NEW DOCTOR FREQUENTLY ASKED QUESTIONS
Q. What is Medical Malpractice Insurance and why do I need it?
Medical malpractice insurance, called medical professional liability insurance is a must-have for every health care professional. Even the most skilled physician can make a mistake and must protect themselves against that possible outcome. Defending yourself in a malpractice lawsuit is an expensive cost. Since the cost of defense is high, in addition to the devastation of having a loss, having a medical professional liability policy is crucial to every physician and a physician practice.
Q. What is covered by my medical professional liability policy?
The PRI policy covers you for professional services you render or failed to render, such as, medical, or surgical treatments, diagnosis, opinion or advice, reading of charts, treatment of patients, basically claims of medical negligence.
Q. What are limits of liability?
The PRI policy has two limits of liability:
= Per Claim Limit: The amount of indemnity coverage you have for each claim that is reported. Typically, a policyholder purchases a per claim limit of $1,000,000.
= Annual Aggregate Limit: The amount of indemnity coverage you have for all claims reported during the policy term. Typically, a policyholder purchases an annual aggregate of $3,000,000.
Other limits of liability options are available.
Q. What are Claims Made and Occurrence policies?
Claims-made policy means an insurance policy that covers liability for injury arising out of incidents, acts or omissions occurring during the policy period, as long as the claim is first made during the policy period or any extended reporting period.
Occurrence policy means an insurance policy that covers liability for injury or damage that the insured is legally obligated to pay arising out of incidents, acts or omissions that occurred during the policy period, and where a claim may be made during or subsequent to the policy period.
Q. Why is the Claims-Made policy premium less than an Occurrence policy?
Because the insurer has a small risk of loss during the first year of a new policy. This is why the first year premium of a claims-made is lower. Each year as the claims-made policy renews, the insurers exposure increases. For the first eight years of a claims-made policy, the premium increases incrementally to reflect the increased exposure to the insurer. This process is known as the “claims-made step factor”. By the eighth year the step factor reaches a maturity because all possible exposure has been accounted for. On the other hand, an insurers exposure under an occurrence policy includes the risk of claims reported after the termination of coverage, provided the claim occurred during the policy period. As a result, the premium reflects the increased exposure.
Q. What is Tail coverage and Nose Coverage?
Tail coverage provides coverage for claims that are first made after the termination of a policy, arising from incidents which occurred during the policy period or back to the agreed-upon retroactive date.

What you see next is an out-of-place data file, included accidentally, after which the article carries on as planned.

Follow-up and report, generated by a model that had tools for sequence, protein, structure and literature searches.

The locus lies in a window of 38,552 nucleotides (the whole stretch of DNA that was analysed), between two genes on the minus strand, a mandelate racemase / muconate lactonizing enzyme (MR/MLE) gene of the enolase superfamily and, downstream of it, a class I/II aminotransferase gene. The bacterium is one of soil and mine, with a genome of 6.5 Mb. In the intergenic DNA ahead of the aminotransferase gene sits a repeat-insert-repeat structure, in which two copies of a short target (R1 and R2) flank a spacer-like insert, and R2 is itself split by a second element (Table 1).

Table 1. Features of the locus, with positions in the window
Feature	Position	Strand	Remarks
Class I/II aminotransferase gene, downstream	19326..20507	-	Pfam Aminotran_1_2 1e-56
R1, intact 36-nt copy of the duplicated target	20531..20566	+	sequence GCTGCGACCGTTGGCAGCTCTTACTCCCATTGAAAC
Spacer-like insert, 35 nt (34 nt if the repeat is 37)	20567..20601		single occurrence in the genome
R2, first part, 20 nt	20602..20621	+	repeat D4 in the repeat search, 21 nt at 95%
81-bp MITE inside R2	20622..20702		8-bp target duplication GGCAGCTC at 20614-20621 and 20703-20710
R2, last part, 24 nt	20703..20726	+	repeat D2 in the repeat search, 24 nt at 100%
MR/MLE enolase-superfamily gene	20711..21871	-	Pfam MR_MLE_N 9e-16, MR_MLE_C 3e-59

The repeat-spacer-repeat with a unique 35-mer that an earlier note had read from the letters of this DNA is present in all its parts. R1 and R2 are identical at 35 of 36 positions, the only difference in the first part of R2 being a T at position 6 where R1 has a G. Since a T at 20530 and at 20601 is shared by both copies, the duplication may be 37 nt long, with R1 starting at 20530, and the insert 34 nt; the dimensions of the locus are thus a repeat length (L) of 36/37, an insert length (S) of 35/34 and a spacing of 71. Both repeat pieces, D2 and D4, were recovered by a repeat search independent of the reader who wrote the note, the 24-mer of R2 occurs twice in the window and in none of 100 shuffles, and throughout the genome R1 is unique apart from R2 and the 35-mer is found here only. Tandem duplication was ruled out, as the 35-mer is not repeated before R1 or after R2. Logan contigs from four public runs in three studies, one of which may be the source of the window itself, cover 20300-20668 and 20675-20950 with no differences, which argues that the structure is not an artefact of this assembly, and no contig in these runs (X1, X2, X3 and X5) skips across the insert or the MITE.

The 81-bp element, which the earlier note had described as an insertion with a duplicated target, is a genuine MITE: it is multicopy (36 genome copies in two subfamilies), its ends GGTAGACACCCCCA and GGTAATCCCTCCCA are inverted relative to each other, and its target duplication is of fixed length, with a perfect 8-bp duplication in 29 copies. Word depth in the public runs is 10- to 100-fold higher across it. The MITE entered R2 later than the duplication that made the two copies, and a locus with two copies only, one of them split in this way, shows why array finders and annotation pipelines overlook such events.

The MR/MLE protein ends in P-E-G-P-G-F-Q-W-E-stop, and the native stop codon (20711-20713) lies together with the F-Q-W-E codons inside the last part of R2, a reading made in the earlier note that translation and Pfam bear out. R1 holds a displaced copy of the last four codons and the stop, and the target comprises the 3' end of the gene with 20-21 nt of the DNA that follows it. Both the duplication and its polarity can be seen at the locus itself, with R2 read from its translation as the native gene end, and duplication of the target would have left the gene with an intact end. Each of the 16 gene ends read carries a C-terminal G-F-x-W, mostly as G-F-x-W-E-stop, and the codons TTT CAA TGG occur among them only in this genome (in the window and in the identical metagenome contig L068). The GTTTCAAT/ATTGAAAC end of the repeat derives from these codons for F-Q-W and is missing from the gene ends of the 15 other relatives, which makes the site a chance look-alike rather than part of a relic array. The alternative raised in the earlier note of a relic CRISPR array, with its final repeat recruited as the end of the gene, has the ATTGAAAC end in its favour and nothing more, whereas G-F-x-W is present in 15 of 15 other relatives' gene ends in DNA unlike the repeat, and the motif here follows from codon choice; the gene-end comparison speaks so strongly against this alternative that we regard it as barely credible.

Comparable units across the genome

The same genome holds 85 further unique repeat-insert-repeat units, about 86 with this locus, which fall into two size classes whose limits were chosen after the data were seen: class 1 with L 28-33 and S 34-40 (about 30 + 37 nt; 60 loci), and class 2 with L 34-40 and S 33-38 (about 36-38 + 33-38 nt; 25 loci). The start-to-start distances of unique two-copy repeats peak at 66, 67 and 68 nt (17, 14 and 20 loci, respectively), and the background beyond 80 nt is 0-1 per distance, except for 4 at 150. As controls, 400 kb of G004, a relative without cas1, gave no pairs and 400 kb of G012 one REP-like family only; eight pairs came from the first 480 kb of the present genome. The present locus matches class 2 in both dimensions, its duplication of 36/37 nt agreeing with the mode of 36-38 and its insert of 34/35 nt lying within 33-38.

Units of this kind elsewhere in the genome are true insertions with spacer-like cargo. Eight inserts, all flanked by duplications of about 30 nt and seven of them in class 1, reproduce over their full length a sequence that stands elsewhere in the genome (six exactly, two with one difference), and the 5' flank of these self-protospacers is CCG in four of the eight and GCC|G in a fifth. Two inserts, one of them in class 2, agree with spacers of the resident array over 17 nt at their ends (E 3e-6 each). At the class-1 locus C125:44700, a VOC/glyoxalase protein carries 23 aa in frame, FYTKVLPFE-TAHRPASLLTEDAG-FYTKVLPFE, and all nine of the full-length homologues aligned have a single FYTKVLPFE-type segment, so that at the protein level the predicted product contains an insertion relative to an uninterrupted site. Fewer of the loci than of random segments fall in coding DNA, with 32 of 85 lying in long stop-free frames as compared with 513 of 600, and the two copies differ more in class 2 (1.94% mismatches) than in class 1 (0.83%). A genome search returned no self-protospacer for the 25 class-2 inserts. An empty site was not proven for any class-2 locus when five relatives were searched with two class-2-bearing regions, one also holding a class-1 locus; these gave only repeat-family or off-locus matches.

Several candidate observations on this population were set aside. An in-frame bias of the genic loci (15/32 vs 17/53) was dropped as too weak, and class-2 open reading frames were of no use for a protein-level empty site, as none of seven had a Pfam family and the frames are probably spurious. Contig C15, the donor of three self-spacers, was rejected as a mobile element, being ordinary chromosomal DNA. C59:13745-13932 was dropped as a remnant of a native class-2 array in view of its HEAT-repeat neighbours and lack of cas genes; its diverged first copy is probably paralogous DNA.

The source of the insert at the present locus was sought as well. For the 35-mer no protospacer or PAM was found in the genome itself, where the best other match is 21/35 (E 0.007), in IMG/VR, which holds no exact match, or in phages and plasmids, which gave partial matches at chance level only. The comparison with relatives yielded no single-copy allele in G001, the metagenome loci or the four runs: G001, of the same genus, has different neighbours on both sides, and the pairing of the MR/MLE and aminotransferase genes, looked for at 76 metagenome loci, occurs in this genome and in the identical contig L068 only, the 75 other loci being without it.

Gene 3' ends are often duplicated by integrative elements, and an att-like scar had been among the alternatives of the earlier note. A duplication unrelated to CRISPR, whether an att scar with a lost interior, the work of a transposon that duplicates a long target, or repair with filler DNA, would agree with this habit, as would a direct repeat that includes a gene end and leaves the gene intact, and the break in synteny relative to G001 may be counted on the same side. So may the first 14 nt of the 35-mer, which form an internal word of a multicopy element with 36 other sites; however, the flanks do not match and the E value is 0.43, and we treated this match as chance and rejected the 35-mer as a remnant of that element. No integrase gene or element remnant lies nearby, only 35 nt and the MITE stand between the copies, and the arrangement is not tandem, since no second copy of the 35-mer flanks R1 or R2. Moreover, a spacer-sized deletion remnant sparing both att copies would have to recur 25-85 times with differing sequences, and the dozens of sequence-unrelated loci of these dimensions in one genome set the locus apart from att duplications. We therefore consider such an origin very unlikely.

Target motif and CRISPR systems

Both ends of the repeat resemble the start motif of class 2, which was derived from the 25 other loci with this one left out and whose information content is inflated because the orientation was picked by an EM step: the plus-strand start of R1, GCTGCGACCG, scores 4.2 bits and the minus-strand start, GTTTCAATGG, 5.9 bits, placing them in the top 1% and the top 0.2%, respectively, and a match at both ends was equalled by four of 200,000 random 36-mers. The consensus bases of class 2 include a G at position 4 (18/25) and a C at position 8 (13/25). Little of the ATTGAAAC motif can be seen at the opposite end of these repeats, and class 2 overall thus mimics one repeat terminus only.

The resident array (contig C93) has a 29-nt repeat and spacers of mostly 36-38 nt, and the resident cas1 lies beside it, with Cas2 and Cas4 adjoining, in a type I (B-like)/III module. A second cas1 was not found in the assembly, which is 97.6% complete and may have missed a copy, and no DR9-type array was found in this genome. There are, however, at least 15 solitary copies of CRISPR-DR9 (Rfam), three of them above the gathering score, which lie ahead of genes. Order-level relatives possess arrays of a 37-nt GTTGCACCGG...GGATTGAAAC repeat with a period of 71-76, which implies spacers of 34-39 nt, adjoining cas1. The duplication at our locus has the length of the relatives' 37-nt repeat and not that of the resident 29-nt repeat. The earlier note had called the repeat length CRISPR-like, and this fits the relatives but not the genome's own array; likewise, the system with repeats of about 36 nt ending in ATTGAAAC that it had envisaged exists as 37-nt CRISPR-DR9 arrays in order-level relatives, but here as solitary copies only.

Nose coverage, also known as “prior acts coverage” means coverage under the policy for injury or damage that occurs on or after the retroactive date and prior to the effective date of the new policy. A retroactive date can be a date prior to the effective date of the new policy.
Q. Can I switch from a Claims-Made policy to an Occurrence policy?
You can switch from and occurrence to claims-made by simply requesting in writing to cancel the occurrence policy on a prospective date and to have a claims-made policy issued on the same date. However, if you want to cancel a claims-made policy and switch to an occurrence policy, you will have to pay tail before we could issue the new occurrence policy.
Q. Do I need to get a medical professional liability policy while still in residency/fellowship?
For medical care delivered by a resident/fellow as a function of his/her work in a training program, the physician in training will be covered under the program or hospital policy.
Q. Is the cost of professional liability insurance different depending on where you work?
Yes. The cost of insurance (i.e. the premium) is based on factors such as specialty and location of practice. Even within a state such as New York, the cost of insurance will depend on where the physician or other provider is practicing. This is because certain geographies are associated with higher frequencies of lawsuits as well as higher payouts to plaintiffs. A professional liability underwriter can provide you with a quote based on different locations or “territories” of practice.
Q. If I get sued, will my professional liability insurance increase or will the insurance company “drop” (i.e. non-renew) my coverage?
New York law requires insurers to adopt a rating plan for imposing rate surcharges based upon an individual’s past history of claims or disciplinary actions and other criteria. The plan is intended to produce a more accurate individual premium by using past claim history to predict the likelihood of future claims. There are multiple variables that are taken into account when evaluating a surcharge or non-renewal.
If you have additional questions not listed here, please feel free to contact us directly.
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